Date: December 12, 2019 11:37PM
What's the first thing they build on an Air Force base?
The golf course. Sure you'll get jokes like Chair Force and stuff like that, but six months on a carrier? No thanks. I poop on sea duty.
IIRC, you can serve two years active duty and two years as a drilling reservist, and then another four as inactive duty reserves. I think those were called 2 by 2 by 4s. The military is entitled to up to eight years of your life. I was active duty for six, and I was subject to recall for two more years. I was never a drilling reservist.
Please don't join the National Guard. IMHO those service members are being activated too often and for too long. They're needed for the global war on terror (GWOT), that has been going on for so long that it's now considered to have begun during the first Gulf War. Things are very hard for the Army and Guard service members right now.
If anyone ever tells you that you knew what you were signing up for, please punch them for me. None of us has any idea what we are signing up for, even those of us from military families. Your experience would be unique. The people you serve with will be unique.
What I can guarantee is that after bootcamp, you will have a larger extended family than a fifth-generation Mormon. Some of them you'll hate. But 99.999999999% of the time, when the shit hits the fan, they will have your back, and you will have theirs.
And you can't quit. When you're like, "Eff this BS!", and you will think that at times, you. can't. quit. The gov't owns you and you give up some of your rights.
If my kid were to join the military, I'd recommend the Air Force. They were some super-chill and smart folks I worked with. Also, when you choose a job, choose one that can translate into a civilian job. A lot of people become lifers because American Airlines isn't hiring someone to work on their FLIR radars. Also make sure that your training will pass civilian certification. For instance, I went to advanced x-ray school. At the time I was in, the Navy was the only branch that had x-ray schools that were accredited by civilians. Basically the Navy lets any Hospital Corpsman irradiate folks, but if you want to take what you've learned straight into the civilian world, your job has to be relevant, and civilians have to have given your training their stamp of approval. I was able to take civilian certification tests, but other people who were as good as and better than me couldn't get certified because their branch's school wasn't accredited. I cannot stress enough how important it is to leave with a marketable skill. THEN you have a ready part-time or summer job when you go to college on your GI Bill.
You do not belong to the military until you raise your right hand and swear to support and defend the Constitution from all enemies foreign and domestic, etc. etc. That means that you *can* leave before you biometrically sign those papers and say those words.
Your recruiter will most likely lie to you. A lot. And your recruiter will most likely tell you to lie when you have your physical. Don't do that. Okay? Do not do that. They'll do a background check on you, so fess up about the speeding tickets and any other stuff like that. You will be given a piss test at some point before you leave the recruiting station, and they will give you one once you arrive at bootcamp. A whole lot of pissing in cups in front of people is in your future. Don't worry - you'll be a pro at pissing in public when you get out.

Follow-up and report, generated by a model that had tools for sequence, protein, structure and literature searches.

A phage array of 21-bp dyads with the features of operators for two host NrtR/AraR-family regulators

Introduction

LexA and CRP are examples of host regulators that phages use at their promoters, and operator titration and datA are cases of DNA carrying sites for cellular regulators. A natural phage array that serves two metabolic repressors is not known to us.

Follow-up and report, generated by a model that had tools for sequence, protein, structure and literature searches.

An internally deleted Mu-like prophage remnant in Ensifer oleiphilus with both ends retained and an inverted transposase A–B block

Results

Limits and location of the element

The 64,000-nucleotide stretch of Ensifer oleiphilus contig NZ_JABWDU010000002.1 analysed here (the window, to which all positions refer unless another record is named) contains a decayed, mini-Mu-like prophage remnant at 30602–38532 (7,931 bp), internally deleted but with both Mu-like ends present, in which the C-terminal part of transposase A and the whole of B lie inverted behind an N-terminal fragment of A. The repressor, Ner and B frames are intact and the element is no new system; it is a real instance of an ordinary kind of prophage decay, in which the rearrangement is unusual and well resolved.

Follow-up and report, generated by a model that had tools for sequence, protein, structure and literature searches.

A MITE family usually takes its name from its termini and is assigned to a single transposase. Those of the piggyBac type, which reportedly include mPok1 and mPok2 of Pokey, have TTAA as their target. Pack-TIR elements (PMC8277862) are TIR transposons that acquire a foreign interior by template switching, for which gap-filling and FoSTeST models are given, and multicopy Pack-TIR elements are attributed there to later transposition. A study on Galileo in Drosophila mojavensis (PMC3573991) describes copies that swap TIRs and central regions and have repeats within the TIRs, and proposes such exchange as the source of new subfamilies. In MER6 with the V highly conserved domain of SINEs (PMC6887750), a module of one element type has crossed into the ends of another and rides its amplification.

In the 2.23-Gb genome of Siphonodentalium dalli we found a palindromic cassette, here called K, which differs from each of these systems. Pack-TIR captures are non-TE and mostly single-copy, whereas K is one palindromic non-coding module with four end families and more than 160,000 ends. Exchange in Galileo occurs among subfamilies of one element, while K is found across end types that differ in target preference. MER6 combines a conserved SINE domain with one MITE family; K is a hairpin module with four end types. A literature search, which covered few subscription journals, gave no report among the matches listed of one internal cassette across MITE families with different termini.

Don't let your recruiter lie to you about how many slots they have open for whatever thing you want to do. You can join the Delayed Entry Program (DEP) and wait until the job you want is open. I think being in the DEP is a good idea period. You'll also take an aptitude test called the ASVAB. It's multiple choice, and your score will determine what type of jobs are available to you.
Study for it if you need to. It's nothing like the SAT or ACT, but you want to knock it out of the park.
There's no shame in hiding in your bathroom when the recruiter bangs on your front door to take you to MEPS. I did it with a Marine Corps recruiter, and I turned out fine. (I bailed when I learned about Parris Island.)
So, yeah. Do your homework. Stand up to the recruiter if s/he is an ass. They have a quota to meet, and believe me when I tell you that a few people in my bootcamp company had absolutely no business being there. One woman could barely speak. And I'm not talking about English. I never heard her say a word, and she stood around looking like she was lost. She wasn't bathing, and the company commanders made three people bathe her in the showers. That might not sound like much, but it was awful for her and for them. Then they kicked her out. Think her recruiter knew that she would wash out? Yes, yes s/he did, and s/he did not care.
The thing about the Air Force is that they don't have to break your will as much as the Marines and the Army do.
The Coast Guard has one of the hardest jobs, and they don't get the credit they deserve. They basically save idiots dead set on drowning themselves, and they jump onto drug smugglers' boats. I love the Coasties.
Soooo, I guess that's all I have to say about it. My six years were a mix of awesome and really, really shitty. I was in during the Montgomery GI Bill, so my GI Bill was kinda shitty but better than nothing. I don't regret enlisting, and I guess I'm kind of proud I served. Yeah. I am.
My best to you. Whatever you decide to do, you'll be fine. There will always be bumps in the road no matter how old you are. You get better at avoiding potholes after a while.
ETA: Everything is going to be okay. I promise. I don't know when or how, but everything is going to be okay. Okay? Okay!
Edited 3 time(s). Last edit at 12/12/2019 11:56PM by Beth.